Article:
Can Gas Fill The Renewable Sector's Finance Gap?
Considering the pain being encountered by the wider energy sector, many see the current state of the Renewables as 'not that bad...or maybe 'not as bad as it could be'.
Despite the challenges, the mood at this past February's 3rd Annual Renewable Energy Finance and Infrastructure Summit in Vienna, was one of guarded optimism. Compared to the atmosphere surrounding strategic Oil & Gas events, one could even say REFIS (Renewable Energy Finance and Infrastructure Forum) was cheery. After all margins on Oil & Petrochemical products are historically tight, while the 'Golden Age of Gas' has proven to be more like bronze or even copper. Demand for natural gas in Europe has slumped, and the transition to a Low Carbon Economy seems like it will be put on ice.
With loses mounting for players across all sectors in Energy, investors and infrastructure operators are being forced to act upon the logical synergies between Gas and Renewables. That gas can and should back up renewables is clear to operators across countries like Spain, Portugal, Austria and Denmark that have moved beyond 20% mark of renewable penetration.
In fact it is not only Grid stability that underlies this connection but a strong correlation/
Utilities which have made significant recent investments into gas fired power plants are increasingly looking to partner, merge or acquire renewable capacity to cut losses, break even or hopefully to profit. For near to mid-term, profitability seems only in reach of this 'ultimate combination'. Reminiscent in many ways of the pairings 'to be' enabled by Smart Grid, binding these two sources of power together is at the very least, very smart. At a recent Gas Storage Event in Berlin, participants highlighted increasing purchases and leased capacity in Underground Gas Storage facilities in order to bring beneficial margins within reach.
But will we see this trend deepen in 2013? Bets in this direction look confident in Northern Europe, where renewables have passed 'critical mass', and where players are still able to place investments. While the technical need remains, the current impulse is not creation of an 'ideal' synergy between gas and renewables, but one of survival, where synergized assets create a more secure assessment of ROI.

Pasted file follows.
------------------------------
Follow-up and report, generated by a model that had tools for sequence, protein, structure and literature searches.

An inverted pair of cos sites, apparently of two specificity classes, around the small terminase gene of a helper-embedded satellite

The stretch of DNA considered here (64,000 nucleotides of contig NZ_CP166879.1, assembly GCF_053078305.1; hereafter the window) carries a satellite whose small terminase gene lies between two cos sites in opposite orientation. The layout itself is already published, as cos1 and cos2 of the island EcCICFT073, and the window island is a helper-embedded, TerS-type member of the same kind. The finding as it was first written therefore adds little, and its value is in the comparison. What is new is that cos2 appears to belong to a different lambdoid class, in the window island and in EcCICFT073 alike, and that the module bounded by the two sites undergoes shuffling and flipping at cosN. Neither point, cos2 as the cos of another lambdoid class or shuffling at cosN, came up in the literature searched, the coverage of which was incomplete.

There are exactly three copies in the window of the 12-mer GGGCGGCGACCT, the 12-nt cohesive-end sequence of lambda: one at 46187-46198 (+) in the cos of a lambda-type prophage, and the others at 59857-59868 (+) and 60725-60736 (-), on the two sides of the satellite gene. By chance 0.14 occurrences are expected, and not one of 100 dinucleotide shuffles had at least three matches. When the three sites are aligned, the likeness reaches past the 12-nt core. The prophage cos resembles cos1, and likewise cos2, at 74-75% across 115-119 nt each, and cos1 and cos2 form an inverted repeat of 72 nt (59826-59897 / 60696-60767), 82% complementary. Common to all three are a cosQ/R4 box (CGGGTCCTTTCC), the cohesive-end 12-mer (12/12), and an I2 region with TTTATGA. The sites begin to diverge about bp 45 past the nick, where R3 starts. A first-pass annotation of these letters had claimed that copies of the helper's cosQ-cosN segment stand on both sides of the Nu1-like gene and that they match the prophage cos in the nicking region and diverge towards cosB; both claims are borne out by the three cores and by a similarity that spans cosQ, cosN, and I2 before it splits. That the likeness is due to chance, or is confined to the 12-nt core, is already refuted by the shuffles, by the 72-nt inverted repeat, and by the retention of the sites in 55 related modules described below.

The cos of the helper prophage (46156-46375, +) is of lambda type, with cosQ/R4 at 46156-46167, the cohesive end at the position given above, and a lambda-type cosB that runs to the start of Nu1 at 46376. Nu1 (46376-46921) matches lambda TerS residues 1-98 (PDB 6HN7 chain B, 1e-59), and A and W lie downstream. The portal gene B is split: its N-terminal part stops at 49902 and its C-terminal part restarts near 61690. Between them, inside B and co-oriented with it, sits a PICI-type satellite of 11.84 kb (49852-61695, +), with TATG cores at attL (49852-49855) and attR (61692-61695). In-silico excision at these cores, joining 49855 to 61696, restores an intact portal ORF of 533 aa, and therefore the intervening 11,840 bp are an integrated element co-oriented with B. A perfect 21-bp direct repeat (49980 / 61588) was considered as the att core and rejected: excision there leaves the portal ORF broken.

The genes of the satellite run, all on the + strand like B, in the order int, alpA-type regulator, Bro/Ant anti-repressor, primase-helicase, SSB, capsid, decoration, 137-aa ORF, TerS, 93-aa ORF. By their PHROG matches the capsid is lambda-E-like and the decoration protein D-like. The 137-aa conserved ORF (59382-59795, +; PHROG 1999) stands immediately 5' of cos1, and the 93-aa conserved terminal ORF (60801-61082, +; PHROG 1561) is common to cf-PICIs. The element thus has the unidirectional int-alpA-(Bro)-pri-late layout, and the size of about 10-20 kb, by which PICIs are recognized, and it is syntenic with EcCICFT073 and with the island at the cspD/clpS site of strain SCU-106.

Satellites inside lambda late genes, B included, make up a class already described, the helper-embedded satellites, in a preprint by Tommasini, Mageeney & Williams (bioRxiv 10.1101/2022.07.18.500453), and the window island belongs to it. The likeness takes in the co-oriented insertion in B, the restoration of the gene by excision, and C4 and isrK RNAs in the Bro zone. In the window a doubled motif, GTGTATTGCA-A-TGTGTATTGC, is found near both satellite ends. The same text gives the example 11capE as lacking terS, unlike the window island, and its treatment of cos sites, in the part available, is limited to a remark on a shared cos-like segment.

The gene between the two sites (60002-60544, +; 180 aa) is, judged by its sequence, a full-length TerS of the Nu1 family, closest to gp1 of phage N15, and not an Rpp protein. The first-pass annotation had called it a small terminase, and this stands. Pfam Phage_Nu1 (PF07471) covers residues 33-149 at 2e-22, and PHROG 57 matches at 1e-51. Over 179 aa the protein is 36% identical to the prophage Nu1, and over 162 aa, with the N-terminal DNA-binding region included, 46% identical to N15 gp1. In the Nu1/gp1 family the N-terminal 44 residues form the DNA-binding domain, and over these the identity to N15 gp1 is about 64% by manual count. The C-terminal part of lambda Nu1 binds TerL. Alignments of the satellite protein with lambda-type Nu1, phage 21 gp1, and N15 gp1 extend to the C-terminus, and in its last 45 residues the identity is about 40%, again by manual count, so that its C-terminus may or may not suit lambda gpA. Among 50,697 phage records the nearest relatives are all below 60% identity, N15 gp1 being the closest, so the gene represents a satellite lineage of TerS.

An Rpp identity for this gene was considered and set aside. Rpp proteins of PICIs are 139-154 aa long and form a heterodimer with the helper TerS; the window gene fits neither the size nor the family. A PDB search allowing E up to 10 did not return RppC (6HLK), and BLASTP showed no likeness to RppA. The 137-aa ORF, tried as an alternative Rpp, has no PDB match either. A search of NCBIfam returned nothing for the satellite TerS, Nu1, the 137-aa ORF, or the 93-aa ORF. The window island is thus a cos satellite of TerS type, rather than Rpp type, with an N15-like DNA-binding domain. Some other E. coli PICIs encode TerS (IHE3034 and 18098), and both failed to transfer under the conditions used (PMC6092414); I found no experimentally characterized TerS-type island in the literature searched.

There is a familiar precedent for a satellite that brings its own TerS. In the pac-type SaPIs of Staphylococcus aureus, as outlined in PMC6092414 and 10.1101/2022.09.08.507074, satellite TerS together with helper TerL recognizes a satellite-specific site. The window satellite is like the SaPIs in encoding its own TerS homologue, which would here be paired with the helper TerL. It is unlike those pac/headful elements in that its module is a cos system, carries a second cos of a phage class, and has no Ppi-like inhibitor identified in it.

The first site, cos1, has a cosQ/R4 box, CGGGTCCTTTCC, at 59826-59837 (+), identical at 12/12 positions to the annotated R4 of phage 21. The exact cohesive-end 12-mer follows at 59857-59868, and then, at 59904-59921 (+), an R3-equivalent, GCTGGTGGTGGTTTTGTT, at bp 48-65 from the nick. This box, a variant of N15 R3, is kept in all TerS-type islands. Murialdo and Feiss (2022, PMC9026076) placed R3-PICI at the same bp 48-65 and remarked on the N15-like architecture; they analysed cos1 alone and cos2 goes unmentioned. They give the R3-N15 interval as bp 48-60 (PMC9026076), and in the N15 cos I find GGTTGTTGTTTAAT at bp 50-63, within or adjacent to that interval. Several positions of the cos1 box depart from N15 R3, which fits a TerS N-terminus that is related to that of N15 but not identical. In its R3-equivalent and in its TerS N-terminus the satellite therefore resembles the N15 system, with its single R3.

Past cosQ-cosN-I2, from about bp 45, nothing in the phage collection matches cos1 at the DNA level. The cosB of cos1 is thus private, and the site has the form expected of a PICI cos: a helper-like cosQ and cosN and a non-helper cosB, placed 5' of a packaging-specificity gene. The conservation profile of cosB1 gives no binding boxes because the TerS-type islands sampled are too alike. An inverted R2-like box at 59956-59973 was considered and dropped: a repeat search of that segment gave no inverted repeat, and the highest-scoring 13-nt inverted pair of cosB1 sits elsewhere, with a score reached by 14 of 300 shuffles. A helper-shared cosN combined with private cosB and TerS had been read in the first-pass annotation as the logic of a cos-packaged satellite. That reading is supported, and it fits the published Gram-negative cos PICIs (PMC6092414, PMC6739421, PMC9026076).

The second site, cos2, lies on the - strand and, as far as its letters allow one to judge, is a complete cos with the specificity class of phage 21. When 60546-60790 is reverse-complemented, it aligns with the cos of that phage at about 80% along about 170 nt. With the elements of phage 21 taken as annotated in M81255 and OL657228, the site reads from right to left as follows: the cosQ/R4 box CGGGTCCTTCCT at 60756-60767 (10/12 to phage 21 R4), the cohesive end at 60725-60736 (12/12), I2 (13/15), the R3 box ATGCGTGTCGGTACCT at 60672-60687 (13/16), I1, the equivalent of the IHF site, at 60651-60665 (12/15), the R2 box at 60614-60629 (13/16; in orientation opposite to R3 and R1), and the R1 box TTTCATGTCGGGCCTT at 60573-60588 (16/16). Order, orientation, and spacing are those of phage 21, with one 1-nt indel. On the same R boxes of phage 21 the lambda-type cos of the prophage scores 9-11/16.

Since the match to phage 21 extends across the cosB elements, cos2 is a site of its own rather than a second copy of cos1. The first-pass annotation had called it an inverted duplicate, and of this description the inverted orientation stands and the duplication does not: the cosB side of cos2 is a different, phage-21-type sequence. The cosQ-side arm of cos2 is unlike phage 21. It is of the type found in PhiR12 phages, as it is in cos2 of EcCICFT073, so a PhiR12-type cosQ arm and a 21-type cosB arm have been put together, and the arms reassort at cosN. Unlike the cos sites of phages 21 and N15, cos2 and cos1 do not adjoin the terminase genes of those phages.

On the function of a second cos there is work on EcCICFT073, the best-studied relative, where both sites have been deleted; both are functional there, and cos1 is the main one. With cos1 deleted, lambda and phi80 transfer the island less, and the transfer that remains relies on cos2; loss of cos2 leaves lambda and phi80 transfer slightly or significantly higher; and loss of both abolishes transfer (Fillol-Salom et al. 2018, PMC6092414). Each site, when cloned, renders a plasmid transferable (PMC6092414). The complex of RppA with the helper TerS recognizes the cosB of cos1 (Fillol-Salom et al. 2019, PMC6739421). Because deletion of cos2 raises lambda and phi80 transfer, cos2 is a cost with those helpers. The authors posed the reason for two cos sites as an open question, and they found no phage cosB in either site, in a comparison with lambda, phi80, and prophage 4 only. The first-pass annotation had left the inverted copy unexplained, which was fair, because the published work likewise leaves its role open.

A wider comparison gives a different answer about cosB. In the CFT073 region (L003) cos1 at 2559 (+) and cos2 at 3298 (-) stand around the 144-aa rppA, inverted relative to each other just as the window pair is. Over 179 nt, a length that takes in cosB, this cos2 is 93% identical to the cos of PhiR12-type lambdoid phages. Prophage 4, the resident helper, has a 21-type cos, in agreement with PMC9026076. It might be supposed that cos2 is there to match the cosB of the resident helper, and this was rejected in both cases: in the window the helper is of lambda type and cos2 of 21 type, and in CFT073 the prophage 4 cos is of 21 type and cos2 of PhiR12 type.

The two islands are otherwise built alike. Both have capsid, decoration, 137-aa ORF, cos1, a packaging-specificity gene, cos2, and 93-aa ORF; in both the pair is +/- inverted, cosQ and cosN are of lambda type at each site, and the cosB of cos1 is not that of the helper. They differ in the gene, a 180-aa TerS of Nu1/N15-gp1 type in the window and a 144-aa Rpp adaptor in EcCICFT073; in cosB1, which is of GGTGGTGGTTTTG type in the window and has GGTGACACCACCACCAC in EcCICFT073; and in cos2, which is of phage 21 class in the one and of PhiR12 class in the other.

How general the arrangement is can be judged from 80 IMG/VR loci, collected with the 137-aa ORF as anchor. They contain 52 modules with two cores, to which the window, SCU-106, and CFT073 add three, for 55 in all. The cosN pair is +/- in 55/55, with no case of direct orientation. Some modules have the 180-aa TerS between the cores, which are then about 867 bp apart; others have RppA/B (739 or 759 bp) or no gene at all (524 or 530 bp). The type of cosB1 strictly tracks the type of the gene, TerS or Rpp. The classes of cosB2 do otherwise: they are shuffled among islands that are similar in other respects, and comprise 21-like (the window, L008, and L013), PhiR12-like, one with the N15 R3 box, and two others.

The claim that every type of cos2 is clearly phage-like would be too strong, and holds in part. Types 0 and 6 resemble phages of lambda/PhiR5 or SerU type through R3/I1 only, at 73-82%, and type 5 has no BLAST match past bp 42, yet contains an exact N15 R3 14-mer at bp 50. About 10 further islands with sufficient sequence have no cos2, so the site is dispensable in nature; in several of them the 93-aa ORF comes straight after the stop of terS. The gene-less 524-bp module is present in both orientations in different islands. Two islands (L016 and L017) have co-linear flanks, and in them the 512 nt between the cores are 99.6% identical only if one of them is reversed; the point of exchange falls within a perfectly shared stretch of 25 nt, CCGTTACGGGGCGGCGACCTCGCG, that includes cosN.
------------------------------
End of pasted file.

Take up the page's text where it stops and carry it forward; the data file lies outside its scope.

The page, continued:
Get feedback from experts like Eriks Atvars, Managing Director Global Head Power and Environment Project & Commodity Finance, at UniCredit and Joost Bergsma, Managing Director, BNP Paribas Clean Energy Partners at the 4th Annual Renewable-Energy-
While renewable energy 'purists' might criticize this trend, the reality is that significant growth in natural gas usage is certain. In the US, both public and private initiatives are ramping up fairly quickly. Paula Gant, VP of Policy with the American Gas Association, remarked that “abundant and affordable natural gas (doesn't) preclude the development of renewable energy in this country,”. Acceptance of this strategy is striking coming from the US, where gas prices are considerably lower than in Europe, and where domestic sources are plentiful. Even mid-large sized renewable businesses seem to accept this. Paul Detering, CEO of Tioga Energy, -a solar power company- said “working with the natural gas industry is a practical approach, particularly since energy storage technology has yet to become cost effective enough...“we can’t take the approach of ‘if I win then you lose’.
Exploring the business case across the Atlantic logically leads to the question of how increased cooperation will affect investments in Europe. With market stability critical to the investment outlook, and considerations for electrical grid stability as well, this issue is surely one to watch. Look for it as well as other trends and innovations brought forward in response to 2012's bumpy ride. Join industry leaders from across Europe to take up this and other issues relevant to Europe's renewable finance future. Renewable Energy Finance and Infrastructure Summit, Vienna Austria, February 27th and 28th. 2012.
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